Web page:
Deconvolution is an unstable process and can be practically done to a small degree only (generally speaking, without going to details). This is textbook material.
Some software "solutions" do not recover detail, they create it.
There are other approaches to create pleasantly looking images - to basically sharpen what is left but not to recover detail which is lost.
If you have prior knowledge of what type the object is, and if the blur is not so strong, it can be done more successfully. Some algorithms might do that, to look for edges, for example. The problem is - they can "find" edges even if there are none.
In a single-pass process, I'd agree, deconvolution is unstable. However, if we take deblur tools as an example...in a single primary pass they can recover the majority of an image, from what looks like a complete and total loss, to something that at the very least you can clearly identify and garner some small details from. Analysis of the final image of that first pass could identify primary edges, objects, and shapes, allowing secondary, tertiary, etc. passes to be "more informed" than the first, and avoid artifacts and phantom edge detection from the first pass.
Again, we can't know with 100% accuracy all of the information required to perfectly reproduce an original scene from an otherwise inaccurate photograph. I do believe, however, that we can derive a lot of information from an image by processing it multiple times, utilizing the "richer" information of each pass to better-inform subsequent passes. The process wouldn't be fast, possibly quite slow, but I think a lot of "lost" information can be recovered, to a usefully accurate precision.
Convolution with a Gaussian, for example, is unstable, it is a theorem. It does not matter what you do, you just cannot recover something which is lost in the noise and in the discretization process. Such problems are known as ill-posed ones. Google the backward heat equation for example. It is a standard example in the theory of PDEs of an exponentially unstable process. The heat equation actually describes convolution with the Gausssian; and the backward one is the deconvolution.
I am not proclaiming that we can 100% perfectly recover the original state of an image. Even with regularization, there are certainly limits. However I think we can recover a lot, and with some guess work and information fabrication, we can get very close, even if information remains lost.
There are various deconvolution techniques to "solve" the problem anyway. They reverse to a small extent some of the blur done and take a very wild guess about what is lost. In one way or another, those are known as regularization techniques. If you look carefully ate what they "recover", those are not small details but rather large ones. Here is one of the best examples I found. As impressive this may be, you can easily see that small details are gone but the process is still useable to read text, for example. There are lot of fake "detail" as well, like all those rings, etc.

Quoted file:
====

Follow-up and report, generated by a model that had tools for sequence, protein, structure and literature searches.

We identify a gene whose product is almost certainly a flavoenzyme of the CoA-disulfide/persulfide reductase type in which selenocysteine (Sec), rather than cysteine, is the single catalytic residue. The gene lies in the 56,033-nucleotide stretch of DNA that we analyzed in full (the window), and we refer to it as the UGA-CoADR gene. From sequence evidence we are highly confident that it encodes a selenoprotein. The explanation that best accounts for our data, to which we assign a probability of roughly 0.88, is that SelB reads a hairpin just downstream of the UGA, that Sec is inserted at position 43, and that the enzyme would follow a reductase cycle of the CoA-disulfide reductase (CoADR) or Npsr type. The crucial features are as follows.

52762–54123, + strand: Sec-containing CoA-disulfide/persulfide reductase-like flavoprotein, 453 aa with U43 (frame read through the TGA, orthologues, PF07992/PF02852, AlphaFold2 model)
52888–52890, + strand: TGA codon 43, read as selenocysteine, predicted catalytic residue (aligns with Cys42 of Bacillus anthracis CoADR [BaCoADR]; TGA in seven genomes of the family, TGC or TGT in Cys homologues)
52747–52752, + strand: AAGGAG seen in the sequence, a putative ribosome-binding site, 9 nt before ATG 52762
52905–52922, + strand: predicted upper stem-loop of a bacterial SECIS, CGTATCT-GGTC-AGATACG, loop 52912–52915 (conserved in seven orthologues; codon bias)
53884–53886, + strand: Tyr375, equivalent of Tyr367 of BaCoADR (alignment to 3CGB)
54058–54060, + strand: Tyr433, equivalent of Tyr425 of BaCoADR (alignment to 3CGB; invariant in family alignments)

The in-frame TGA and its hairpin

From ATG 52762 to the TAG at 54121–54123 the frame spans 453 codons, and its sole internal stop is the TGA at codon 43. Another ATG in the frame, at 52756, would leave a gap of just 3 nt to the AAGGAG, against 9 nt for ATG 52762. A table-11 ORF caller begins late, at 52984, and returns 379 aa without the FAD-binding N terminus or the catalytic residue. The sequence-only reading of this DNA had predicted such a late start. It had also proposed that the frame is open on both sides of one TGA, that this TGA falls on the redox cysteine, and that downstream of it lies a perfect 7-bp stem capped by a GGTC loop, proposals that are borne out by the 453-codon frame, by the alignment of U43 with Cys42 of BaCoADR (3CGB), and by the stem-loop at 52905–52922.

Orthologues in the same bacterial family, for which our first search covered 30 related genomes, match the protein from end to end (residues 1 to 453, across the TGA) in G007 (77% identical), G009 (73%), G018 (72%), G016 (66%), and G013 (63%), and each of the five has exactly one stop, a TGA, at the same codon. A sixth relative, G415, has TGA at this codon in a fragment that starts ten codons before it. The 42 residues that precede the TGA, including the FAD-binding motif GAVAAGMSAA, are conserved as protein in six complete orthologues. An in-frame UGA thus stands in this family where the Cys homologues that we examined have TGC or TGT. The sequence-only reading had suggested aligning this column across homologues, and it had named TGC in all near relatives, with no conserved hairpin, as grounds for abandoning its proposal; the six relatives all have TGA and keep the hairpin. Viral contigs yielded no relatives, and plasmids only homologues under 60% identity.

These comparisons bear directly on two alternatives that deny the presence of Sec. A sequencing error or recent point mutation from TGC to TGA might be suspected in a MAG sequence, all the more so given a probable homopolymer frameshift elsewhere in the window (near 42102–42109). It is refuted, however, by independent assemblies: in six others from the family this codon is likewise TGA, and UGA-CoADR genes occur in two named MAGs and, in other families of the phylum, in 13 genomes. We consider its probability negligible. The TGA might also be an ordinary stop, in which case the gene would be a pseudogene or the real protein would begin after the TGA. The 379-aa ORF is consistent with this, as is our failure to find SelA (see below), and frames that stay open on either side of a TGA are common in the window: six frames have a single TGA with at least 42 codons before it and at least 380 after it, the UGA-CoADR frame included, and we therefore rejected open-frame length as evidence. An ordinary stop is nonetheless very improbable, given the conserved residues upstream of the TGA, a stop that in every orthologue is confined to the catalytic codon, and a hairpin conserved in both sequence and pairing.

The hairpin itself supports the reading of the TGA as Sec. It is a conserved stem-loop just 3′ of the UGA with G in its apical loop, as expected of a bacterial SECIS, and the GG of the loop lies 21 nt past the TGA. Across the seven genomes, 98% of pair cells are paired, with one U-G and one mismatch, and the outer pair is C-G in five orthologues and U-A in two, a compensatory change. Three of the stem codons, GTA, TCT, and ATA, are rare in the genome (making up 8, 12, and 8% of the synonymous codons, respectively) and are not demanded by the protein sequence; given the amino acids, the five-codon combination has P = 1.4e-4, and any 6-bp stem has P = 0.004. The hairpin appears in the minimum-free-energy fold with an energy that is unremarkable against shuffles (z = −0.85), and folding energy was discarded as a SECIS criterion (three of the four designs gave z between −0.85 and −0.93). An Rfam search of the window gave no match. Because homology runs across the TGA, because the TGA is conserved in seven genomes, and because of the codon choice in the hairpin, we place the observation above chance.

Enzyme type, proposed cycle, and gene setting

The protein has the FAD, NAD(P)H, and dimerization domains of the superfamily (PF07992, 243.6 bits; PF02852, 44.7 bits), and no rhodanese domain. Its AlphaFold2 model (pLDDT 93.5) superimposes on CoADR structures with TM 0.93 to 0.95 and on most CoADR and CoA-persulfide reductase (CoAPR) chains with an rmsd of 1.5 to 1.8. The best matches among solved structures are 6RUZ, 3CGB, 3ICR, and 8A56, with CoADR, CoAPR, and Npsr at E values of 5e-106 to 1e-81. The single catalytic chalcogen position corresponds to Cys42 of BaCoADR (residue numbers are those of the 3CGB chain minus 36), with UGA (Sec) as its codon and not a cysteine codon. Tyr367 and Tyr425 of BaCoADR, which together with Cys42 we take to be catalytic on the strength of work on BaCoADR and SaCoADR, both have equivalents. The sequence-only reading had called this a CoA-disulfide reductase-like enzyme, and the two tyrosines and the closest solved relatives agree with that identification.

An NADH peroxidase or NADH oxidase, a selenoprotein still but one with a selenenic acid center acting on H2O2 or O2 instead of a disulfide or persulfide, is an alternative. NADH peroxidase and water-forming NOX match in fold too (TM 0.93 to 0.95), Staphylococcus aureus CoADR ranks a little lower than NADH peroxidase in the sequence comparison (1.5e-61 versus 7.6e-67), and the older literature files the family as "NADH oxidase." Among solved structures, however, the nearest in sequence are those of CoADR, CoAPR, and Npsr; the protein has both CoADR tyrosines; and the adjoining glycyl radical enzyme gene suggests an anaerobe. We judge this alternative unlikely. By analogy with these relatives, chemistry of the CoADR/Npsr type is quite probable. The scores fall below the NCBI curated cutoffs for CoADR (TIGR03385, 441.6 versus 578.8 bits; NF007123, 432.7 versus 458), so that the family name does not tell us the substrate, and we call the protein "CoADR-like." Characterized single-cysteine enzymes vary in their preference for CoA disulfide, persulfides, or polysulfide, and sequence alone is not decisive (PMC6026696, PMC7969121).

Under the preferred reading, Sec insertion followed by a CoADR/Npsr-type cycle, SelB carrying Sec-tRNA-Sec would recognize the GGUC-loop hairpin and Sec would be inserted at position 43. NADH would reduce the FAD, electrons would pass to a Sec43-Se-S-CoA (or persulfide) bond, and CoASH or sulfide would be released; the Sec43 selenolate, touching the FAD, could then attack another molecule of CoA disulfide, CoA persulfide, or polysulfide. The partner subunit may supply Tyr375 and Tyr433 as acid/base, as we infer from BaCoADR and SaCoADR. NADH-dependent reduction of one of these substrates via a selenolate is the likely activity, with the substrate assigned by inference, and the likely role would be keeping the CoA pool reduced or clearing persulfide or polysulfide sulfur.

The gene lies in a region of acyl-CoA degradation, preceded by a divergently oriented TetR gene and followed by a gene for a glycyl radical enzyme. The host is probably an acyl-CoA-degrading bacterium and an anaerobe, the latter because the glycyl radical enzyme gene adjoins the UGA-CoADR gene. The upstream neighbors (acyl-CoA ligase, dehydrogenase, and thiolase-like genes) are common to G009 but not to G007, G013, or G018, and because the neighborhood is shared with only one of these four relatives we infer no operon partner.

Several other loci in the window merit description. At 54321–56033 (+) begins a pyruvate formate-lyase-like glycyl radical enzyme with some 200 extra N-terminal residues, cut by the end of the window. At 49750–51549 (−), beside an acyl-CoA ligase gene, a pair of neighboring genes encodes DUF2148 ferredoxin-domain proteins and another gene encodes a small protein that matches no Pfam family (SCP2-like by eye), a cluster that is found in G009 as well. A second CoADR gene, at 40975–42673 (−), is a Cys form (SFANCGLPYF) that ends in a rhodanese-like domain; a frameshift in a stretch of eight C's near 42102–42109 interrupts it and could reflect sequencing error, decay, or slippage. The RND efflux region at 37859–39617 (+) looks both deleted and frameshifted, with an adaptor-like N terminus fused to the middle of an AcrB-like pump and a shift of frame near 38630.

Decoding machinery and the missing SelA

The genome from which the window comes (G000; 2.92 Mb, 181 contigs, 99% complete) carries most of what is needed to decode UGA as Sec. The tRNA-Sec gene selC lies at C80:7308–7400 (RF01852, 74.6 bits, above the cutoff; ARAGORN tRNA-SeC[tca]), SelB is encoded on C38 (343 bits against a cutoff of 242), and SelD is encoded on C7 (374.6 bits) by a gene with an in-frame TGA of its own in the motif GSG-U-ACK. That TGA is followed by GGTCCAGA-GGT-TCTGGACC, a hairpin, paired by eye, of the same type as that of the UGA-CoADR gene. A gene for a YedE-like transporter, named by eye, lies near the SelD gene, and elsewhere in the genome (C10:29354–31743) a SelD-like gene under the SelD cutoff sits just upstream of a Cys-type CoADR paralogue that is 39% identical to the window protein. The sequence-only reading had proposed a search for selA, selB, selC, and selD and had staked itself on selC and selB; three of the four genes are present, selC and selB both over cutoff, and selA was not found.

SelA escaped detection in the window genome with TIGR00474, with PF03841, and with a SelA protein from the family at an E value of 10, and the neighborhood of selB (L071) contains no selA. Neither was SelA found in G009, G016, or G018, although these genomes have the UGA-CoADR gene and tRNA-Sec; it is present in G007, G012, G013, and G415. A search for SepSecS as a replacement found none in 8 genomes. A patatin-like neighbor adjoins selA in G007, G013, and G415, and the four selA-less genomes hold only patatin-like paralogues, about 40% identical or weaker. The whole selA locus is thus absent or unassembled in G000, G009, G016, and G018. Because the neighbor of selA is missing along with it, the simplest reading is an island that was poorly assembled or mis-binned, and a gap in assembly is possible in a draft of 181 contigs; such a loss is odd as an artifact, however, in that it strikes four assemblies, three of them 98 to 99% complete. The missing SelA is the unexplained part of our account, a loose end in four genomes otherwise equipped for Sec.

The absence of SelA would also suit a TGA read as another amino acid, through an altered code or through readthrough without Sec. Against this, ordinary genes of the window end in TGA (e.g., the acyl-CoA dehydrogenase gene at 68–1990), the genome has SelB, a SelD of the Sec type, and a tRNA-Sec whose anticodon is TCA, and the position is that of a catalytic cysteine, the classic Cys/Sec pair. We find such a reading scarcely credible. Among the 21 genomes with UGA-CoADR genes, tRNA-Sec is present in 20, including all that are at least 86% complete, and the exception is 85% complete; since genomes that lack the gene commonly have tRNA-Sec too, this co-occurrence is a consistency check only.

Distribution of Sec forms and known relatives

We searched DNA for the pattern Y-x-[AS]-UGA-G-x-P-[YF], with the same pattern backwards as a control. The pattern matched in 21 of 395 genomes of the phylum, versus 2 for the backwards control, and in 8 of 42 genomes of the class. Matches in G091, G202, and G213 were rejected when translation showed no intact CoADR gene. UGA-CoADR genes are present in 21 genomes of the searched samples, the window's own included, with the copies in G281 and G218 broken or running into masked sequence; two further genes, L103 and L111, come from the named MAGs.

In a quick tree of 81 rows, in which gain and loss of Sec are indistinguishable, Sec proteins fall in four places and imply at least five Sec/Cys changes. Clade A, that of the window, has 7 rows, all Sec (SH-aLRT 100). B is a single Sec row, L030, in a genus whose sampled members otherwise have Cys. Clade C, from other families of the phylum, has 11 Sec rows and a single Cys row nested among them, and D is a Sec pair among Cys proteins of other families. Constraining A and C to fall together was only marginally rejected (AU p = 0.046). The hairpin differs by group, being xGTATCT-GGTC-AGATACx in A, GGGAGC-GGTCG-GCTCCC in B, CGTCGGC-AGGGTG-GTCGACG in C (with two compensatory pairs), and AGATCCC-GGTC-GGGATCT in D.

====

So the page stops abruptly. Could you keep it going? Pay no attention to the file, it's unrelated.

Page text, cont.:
That is a great article, and a good example of what deconvolution can do. I know it is not a perfect process...but you have to be somewhat amazed at what a little math and image processing can do. That guys blurred sample image was almost completly blurred, and he recovered a lot of it. Not everyone is going to be recovering completely defocused images...the far more frequent case is slightly defocused images, in which case the error rate and magnitude is far lower (usually invisible), and the process is quite effective. I really love my 7D, but it does have it's AF quirks. There are too many times when I end up with something ever so slightly out of focus (usually a birds eye), and a deblur tool is useful (Topaz In Focus produces nearly perfect results.)
I'd point out that in the further examples from that link, the halos (waveform halos, or rings) are pretty bad. Topaz In Focus has the same problem, although not as seriously. From the description, it seems as though his PSF (blur function as he put it) is fairly basic (simple gaussian, although I think he mentioned a Laplacian function, which would probably be better). If you've ever pointed your camera at a point light source in a dark environment, defocused it as much as possible, and looked at the results at 100%, you can see the PSF is quite complex. It is clearly a waveform, but usually with artifacts (I call the effect "Rocks in the Pond" given how they affect the diffraction pattern.) I don't know what the fspecial
function of Matlab can do, however I'd imagine a laplacian function would be best to model the waveform of a point light source.
Is it not possible to further inform the algorithm with multiple passes, identifying kernels of what are likely improperly deconvolved pixels, and re-run the process from the original blurred image? Rinse, repeat, with better information each time...such as more insight into the PSF or noise function? I haven't tried writign my own deblur tool...so it's an honest question. The gap is information...we lack enough information about the original function that did the blurring in the first place. With further image analysis after each attempt to deblur, we could continually reinform the algorithm with richer, more accurate information. I don't see why a multi-pass debluring deconvolution process couldn't produce better results with fewer artifacts and finer details.